Staff Profile: Jimmy Ray Torres

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When Jimmy Ray Torres thinks about the relationship between caring for landscape and improving water conservation, he does so through two lenses. The first is as a UCLA groundskeeper, who joined the UCLA facilities management team eight years ago, and the second is as a UCLA undergraduate student and one of the nearly 3,700 transfer students who started classes in Westwood this fall.

“I’m fascinated that there is little direction for where the field of water conversation should go," said Torres, a UCLA environmental systems and society major, who is one of eight new Bruins featured in the current issue of UCLA Magazine. “There are sociological implications when it comes to resources, with water being the main one, so I’d like to target that either in policy or in the construction of irrigation systems that will come from California’s effort to save water.”

The Antelope Valley Community College graduate said that UCLA’s sustainability goals are also a key motivator in his desire to do all he can to support the UCLA’s water action plan as well as campus-wide water conservation efforts.

The other key motivator for advancing his education and stretching his professional options, said Torres, is his 10-year-old niece. Torres has been a primary caregiver for her since she was a toddler. He applied for his landscaping job after she came to live with him because he knew he would need steady and secure employment to take care of her.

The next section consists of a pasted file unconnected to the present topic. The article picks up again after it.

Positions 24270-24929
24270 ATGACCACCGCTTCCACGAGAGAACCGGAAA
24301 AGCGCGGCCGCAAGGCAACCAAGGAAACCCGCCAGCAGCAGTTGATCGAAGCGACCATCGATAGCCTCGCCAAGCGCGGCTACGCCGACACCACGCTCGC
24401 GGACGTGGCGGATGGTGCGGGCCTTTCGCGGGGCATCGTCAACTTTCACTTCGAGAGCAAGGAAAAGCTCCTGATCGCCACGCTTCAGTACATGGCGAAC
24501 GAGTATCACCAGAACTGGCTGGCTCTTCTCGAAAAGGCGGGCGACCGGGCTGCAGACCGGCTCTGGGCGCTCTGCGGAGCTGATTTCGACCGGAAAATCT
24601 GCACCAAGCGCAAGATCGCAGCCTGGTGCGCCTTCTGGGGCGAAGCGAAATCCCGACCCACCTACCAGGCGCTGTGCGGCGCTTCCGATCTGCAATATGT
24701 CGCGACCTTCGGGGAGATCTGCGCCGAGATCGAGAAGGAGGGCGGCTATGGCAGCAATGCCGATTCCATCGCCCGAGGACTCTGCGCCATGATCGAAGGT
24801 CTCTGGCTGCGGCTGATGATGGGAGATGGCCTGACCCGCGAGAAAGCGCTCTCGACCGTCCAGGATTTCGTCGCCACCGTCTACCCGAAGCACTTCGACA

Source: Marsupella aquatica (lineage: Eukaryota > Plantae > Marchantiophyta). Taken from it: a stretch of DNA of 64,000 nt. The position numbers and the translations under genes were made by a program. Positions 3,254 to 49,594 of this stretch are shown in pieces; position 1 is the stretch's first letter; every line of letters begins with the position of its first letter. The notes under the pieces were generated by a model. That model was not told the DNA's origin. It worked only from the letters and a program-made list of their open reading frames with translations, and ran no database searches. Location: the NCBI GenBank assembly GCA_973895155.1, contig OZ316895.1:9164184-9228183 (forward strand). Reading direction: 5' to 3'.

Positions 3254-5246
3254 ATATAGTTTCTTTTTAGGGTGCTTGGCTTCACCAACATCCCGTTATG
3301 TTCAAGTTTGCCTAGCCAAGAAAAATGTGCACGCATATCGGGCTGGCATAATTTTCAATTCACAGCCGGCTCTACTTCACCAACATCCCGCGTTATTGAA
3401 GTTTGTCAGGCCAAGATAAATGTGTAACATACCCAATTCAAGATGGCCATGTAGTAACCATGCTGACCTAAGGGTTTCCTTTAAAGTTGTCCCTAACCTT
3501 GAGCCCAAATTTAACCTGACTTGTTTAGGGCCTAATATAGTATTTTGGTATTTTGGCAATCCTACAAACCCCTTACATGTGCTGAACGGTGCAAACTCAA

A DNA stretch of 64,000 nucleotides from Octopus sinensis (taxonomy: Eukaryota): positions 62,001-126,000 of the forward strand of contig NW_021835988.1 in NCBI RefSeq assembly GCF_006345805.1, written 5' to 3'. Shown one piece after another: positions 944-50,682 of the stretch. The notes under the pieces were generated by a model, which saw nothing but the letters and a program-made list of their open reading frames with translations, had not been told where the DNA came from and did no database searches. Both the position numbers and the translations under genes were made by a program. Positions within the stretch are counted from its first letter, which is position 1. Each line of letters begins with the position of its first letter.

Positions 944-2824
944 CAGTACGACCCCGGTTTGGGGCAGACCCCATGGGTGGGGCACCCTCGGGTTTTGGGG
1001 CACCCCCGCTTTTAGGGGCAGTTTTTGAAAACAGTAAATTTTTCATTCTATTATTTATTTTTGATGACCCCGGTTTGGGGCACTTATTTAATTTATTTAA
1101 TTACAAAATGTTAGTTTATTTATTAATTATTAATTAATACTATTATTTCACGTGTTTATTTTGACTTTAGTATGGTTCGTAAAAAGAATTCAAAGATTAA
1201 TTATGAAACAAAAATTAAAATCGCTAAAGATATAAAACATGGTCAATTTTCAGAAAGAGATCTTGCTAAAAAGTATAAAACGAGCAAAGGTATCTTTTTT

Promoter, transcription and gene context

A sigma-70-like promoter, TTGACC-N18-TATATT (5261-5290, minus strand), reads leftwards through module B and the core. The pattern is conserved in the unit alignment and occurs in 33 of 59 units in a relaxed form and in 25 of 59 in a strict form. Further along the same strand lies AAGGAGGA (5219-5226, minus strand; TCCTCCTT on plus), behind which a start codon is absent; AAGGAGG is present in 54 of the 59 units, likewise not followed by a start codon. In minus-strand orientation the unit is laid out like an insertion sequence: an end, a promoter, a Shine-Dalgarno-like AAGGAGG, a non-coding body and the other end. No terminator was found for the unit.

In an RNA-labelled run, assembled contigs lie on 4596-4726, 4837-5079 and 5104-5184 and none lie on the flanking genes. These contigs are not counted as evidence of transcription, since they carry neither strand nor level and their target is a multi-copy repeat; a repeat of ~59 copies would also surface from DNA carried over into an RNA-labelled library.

“If it wasn’t for her, I’d never have even thought about going back to school. And now here I am, and this is a school I’ve loved since I was her age.”

Torres said he wants to lead by example and show his niece that when it comes to academics, you get out what you put into it.

“Growing up, I didn’t have anyone studying,” said Torres. “I didn’t have anyone pointing me in the right direction or have any guidance in terms of education and what it means in guiding your future.”

Now, when Torres gets home from UCLA, he joins his niece at the table to do their homework and assignments.

“This is the norm to her now.”

Torres said he is especially appreciative to his colleagues and supervisors for the support and encouragement they have expressed throughout this journey. He was especially moved during the UCLA All-Staff Picnic when Kelly Schmader, assistant vice chancellor of facilities management, approached him to congratulate him on being accepted to UCLA. 

"I don’t have this feeling that I’m on my own. To know that there are people behind you is motivating.”